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Published: 12 July 2017  
Related theme(s) and subtheme(s)
EnvironmentClimate & global change  |  Earth Observation  |  Ecosystems, incl. land, inland waters, marine
International cooperation
Research policyHorizon 2020
Countries involved in the project described in the article
Belgium  |  Brazil  |  Canada  |  Croatia  |  Denmark  |  Faroe Islands  |  France  |  Germany  |  Ireland  |  Italy  |  Netherlands  |  Norway  |  Poland  |  Portugal  |  South Africa  |  Spain  |  United Kingdom  |  United States
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An integrated observing system for the Atlantic Ocean

Buoys, floats, moorings and research vessels, to name just a few examples - data about the state of the Atlantic is collected by a number of means. And by a profusion of actors, who could jointly produce even better results if they applied a common strategy. EU-funded researchers are driving the development of an integrated system.

Underwater photo of the ocean

© willyam - fotolia.com

The AtlantOS project is dedicated to the creation of an integrated Atlantic Ocean observing system. “We are working on several measures to advance the strategic development of this system, to connect existing activities to make them more efficient,” says project coordinator Martin Visbeck of GEOMAR Helmholtz Centre for Ocean Research Kiel, in Germany.

The consortium is also aiming at extending the scope of information available from observation of the Atlantic, Visbeck adds. “There is a rapidly growing desire among decision-makers – both in the public and the private sector – for more and in particular more data based information from the ocean,” he notes.

Work in the project, which is taken forward by a consortium of 62 partners from 18 countries from both sides of the Atlantic, began in April 2015. It is due to end in June 2019, following the delivery of a blueprint for the development of the proposed system.

Coherent, convergent, cost-effective

“What we have at the moment is different types of observing system, which are usually dedicated to one single question – climate, biodiversity, ocean chemistry, fisheries, or rapid response to hazards such as oil spills, for instance. By combining these approaches and looking at them strategically, as a whole system, you can boost efficiency,” Visbeck explains.

“Among other things, we try to point out opportunities,” he notes. “When you go out to assess fish stocks, you can easily take some other measurements alongside. This would significantly enhance the capability of the whole system and increase efficiency.”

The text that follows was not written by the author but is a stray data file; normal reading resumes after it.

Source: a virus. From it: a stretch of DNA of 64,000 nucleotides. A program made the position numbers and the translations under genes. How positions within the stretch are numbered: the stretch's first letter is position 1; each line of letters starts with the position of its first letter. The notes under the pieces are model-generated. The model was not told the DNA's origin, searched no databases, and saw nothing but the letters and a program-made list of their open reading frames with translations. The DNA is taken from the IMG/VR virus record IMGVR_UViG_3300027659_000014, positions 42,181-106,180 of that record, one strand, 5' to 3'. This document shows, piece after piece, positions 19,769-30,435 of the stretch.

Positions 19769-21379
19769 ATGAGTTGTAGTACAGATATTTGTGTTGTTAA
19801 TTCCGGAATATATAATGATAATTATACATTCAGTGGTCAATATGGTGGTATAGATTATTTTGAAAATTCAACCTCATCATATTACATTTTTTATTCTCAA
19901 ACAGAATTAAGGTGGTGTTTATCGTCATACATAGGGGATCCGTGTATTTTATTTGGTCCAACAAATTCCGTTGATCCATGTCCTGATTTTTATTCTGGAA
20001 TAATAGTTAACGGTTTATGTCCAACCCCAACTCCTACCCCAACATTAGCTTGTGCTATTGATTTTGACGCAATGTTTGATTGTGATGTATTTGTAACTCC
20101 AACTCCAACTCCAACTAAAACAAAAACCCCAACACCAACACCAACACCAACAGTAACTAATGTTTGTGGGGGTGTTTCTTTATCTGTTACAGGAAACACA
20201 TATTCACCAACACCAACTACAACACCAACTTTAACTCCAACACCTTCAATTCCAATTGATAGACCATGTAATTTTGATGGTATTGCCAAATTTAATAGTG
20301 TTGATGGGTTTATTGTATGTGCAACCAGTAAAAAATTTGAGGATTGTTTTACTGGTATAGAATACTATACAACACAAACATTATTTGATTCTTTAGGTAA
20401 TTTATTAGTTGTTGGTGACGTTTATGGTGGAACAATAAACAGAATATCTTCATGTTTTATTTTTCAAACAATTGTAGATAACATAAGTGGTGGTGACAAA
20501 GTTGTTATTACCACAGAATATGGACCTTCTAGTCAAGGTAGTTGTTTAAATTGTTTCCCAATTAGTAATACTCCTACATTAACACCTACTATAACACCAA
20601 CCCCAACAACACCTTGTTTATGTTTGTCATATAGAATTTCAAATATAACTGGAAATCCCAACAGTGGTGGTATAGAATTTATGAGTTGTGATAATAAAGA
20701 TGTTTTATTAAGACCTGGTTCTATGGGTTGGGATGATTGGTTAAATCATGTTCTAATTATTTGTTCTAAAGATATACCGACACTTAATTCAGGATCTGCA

New possibilities are also arising with the emergence of new technology such as increasingly powerful robotic systems and new sensor technology, he says. Wider adoption of such technologies could help to reduce the cost of ocean observing, or to make the investment stretch further.

“We are also striving to establish common procedures, data formats and calibration features, so that it doesn’t matter where a measurement is taken and the data are all consistent with each other,” Visbeck adds. These improvements would make it easier to assemble the various types of data into a comprehensive overview of the state of the ocean, both as a way of documenting change and as a starting point for prediction of its likely evolution.

An evolutionary process

One of the project’s aims is to enhance the contribution of Atlantic observing to broader collective efforts such as GEO/Blue Planet, as well as GOOS, the Global Ocean Observing System. A shared strategic vision for the future of Atlantic observing would go a long way in this respect, and Visbeck underlines the constructive dialogue that has been established among the countries involved. A new partnership that is about to be formalised between Brazil, South Africa and the EU will mark another milestone for this collaboration, he notes.

The plan, in AtlantOS, is to generate awareness of the capabilities and possibilities of the various systems that are already in operation, in a bid to show how their activities and further development could contribute to the common goal. “We see this as an evolutionary pathway rather than as the introduction of a new system,” says Visbeck.

“The key point is to look at Atlantic observing as a system, rather than a random collection of individual bits, and to really understand the capability of this system, rather than the individual capabilities of discrete components such as a network of floats or of a fleet of research vessels. This is new, because the various groups involved have mostly been working in their own circles,” he concludes.

Project details

  • Project acronym: AtlantOS
  • Participants: Germany (Coordinator), UK, Ireland, Denmark, France, Poland, Norway, Spain, Portugal, Netherlands, Faroe Islands, Belgium, Italy, Croatia, Canada, Brazil, USA, South Africa
  • Project N°: 633211
  • Total costs: € 20 652 921
  • EU contribution: € 20 652 921
  • Duration: April 2015 to June 2019

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